Rebeea Saleem reviews Spaceman of Bohemia, Jaroslav Kalfar’s debut novel, a story packed with a balance of solitude and introspection as well as adventure and determination.
This dynamic, punchy, tour de force debut has an unusual premise – a mysterious intergalactic sandstorm of purple cosmic dust named Chopra has entered our solar system. Numerous unmanned shuttles have been sent into space to carry Chopra’s samples back to earth to no avail. Jakub, a Czech astrophysicist is about to embark on what seems to be a one-way trip to space on this daring endeavour.
This space mission is the Czech Republic’s shot at leaving an indelible mark in global history. It is their chance to erase the taint of communism from their collective past. They would beat the superpowers in the space race by undertaking the risk to send Jakub – an astrophysicist whose speciality in cosmic dust makes him the perfect candidate for this job – on this dangerous mission .
This would be their crowning glory, the thing they’ll be known for in history textbooks. Jakub has a vested interest in in this mission, as we find out soon enough.
As Jakub sets off into the void, the narrative turns increasingly personal. Rather than boring us with scientific terminologies and space-talk, it focuses on the interiority of a man who is as isolated as no one on earth can be. The narration style is largely stream-of-consciousness and Kalfar has a very discerning approach to writing which is at once pensive yet very engaging.
Humans, by nature, fear solitude. They like surrounding themselves with anything and everything, be it people or possessions, anything to blanket our resounding solitary existence. In space, however, one can’t rely on these crutches. One is forced to confront suppressed fears, demons and quite literally, yourself.
Jakub begins to doubt his sanity when he spots a gigantic talking spider, Hanus. He tries to dismiss him as a figment of his contact-starved brain but pretty soon, he is made to acknowledge his presence. Jakub finds himself questioning how Hanus, whose existence defies logic, can exist near a cloud which is quantifiable and can be put under a microscope. How can these two diametrically opposite phenomenon co-exist? To the pragmatic mind of a man of science, this question is greatly perturbing and raises issues about divinity and the presence of a higher power.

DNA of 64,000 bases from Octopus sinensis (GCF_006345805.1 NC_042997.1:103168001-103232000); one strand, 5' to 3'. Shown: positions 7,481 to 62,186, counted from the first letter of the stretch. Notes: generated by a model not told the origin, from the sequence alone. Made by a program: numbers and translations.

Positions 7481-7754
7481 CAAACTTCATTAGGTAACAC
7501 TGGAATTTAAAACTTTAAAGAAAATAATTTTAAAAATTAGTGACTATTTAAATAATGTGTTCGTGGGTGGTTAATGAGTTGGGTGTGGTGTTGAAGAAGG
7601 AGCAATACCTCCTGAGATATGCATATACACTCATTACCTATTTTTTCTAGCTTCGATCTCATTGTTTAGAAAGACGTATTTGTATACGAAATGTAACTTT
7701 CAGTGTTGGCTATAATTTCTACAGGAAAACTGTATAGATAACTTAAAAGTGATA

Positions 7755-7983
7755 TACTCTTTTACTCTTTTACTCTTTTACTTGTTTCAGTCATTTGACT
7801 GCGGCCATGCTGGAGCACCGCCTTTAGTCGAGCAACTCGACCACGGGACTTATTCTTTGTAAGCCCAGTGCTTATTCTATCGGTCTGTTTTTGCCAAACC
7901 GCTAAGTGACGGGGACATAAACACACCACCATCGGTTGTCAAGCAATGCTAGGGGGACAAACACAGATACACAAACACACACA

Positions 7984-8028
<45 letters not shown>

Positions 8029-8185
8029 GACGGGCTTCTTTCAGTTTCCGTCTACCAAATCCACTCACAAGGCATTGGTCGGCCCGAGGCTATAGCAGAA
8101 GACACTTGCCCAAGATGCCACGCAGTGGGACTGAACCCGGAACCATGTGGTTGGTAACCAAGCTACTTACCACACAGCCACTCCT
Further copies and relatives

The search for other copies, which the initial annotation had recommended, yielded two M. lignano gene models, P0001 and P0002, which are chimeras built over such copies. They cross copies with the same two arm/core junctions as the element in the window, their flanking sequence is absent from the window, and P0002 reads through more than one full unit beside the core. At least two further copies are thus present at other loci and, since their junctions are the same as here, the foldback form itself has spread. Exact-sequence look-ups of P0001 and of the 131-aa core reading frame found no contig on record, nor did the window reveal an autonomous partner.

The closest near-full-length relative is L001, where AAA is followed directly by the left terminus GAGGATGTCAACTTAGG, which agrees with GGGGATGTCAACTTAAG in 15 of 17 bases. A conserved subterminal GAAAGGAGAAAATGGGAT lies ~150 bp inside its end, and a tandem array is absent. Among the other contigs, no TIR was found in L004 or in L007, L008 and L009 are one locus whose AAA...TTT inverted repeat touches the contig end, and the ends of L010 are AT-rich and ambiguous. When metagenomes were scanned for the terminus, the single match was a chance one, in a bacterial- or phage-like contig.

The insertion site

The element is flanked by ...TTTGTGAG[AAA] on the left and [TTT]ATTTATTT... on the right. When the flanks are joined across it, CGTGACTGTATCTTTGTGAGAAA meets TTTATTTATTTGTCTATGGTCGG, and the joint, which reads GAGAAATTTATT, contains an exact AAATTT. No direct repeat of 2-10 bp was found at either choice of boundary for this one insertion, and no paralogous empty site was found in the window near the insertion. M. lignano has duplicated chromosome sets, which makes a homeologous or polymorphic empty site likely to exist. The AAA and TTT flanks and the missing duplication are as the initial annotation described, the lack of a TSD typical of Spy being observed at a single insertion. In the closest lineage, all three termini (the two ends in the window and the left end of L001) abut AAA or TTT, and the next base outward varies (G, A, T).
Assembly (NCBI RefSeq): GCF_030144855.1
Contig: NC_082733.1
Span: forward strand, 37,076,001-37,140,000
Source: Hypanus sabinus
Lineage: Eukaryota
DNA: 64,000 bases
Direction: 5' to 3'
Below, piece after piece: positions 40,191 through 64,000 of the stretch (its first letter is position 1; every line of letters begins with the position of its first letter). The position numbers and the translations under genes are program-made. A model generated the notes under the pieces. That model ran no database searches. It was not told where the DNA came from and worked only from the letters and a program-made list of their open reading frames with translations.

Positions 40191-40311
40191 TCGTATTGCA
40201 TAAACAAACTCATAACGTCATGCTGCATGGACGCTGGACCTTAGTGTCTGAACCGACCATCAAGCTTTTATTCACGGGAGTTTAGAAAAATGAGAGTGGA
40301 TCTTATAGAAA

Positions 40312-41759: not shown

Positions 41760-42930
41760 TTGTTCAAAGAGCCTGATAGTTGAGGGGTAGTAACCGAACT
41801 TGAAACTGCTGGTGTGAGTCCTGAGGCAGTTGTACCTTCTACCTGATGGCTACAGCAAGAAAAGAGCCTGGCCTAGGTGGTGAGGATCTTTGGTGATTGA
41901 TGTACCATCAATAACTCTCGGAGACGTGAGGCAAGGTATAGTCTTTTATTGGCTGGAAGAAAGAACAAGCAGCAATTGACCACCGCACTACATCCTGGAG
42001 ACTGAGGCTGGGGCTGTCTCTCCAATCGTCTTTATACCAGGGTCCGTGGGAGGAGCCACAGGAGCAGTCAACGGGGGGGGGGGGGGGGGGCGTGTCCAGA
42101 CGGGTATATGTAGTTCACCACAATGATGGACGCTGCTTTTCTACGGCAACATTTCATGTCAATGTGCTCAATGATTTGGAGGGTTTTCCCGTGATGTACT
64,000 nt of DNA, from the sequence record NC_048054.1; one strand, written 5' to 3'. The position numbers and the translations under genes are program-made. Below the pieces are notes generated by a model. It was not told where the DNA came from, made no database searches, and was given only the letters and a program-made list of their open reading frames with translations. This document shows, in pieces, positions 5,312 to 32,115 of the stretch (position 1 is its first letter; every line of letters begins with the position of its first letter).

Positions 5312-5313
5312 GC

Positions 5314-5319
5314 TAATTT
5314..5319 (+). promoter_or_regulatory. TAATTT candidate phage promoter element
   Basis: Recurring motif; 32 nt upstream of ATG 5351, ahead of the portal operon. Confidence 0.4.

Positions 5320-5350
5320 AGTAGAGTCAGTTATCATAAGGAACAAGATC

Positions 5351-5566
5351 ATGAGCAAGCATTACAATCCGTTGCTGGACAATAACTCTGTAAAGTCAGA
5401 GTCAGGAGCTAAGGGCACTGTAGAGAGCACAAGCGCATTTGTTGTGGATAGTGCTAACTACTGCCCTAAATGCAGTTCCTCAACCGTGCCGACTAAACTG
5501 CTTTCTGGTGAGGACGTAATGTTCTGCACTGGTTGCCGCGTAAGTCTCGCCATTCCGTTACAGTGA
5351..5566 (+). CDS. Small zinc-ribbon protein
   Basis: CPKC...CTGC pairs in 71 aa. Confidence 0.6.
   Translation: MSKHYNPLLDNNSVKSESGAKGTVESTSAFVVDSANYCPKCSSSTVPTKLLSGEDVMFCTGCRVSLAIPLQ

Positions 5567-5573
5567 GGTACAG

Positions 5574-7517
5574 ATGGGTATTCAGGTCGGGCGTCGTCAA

His tumultuous past is gradually revealed to us which puts his eagerness to be a part of this risky endeavour into perspective. His father was a Soviet Union pawn after his country came under Communist rule. His deplorable actions meant that Jakub and other members of his family were denigrated and discriminated against, even long after his death. As an adult, Jakub is still scarred from his past and the looming shadow of communism which is his father’s legacy. He thinks he has successfully outrun his past by building a life with a satisfying career and a happy marriage; but we all only see what we want to see. He later realises just how much his past strained his marriage after his wife, Lenka, refuses to talk to him while he is on the mission.
Spaceman of Bohemia sets forth thought-provoking points about philosophical and pragmatic issues. Our protagonist’s goal in life is to study particles of the universe to unravel the small clues of the very origin of Everything. But what really drives someone to such a pursuit? Is it an attempt to project our own anxieties, unanswered questions undergoing the guise of scientific enquiry? This book astutely considers such existential questions without being pedantic.
The writer, through the widely disparate characters, ponders that no matter which path in life we choose to walk, does the end justify the means? One of the characters wryly observes how he has sacrificed his life to academic grind and “I’ve made myself unhappy most of my life so a professor could write my name on the blackboard and punish student for not memorising it.” Passages like this piercingly shines a light on the meaningless motives behind most of our worldly pursuits.
This impeccable novel has writing which is deftly sparse, making it all the more effective. Because of the extremely lucid and ruminative prose the reader is plunged into the center scene. The narration is hallucinatory yet at the same time, keenly self-aware. Kalfar intersperses philosophical enquiry with playful observations which has shades of Kafka and Murakami in terms of how the line between imagination and reality starts to blur as our spaceman starts to unravel.
Spaceman of Bohemia is a spectacular work of fiction which intelligently probes the disconnect between our emotional and rational selves. It also makes one contemplate the enigmatic abyss that is space which has memorised and inspired people since hundred of years. Essentially, this books considers how humans will go to any lengths to explore other worlds yet be so ignorant of the multitudes which they contain within them.
Spaceman of Bohemia was published by Sceptre on the 9th of March.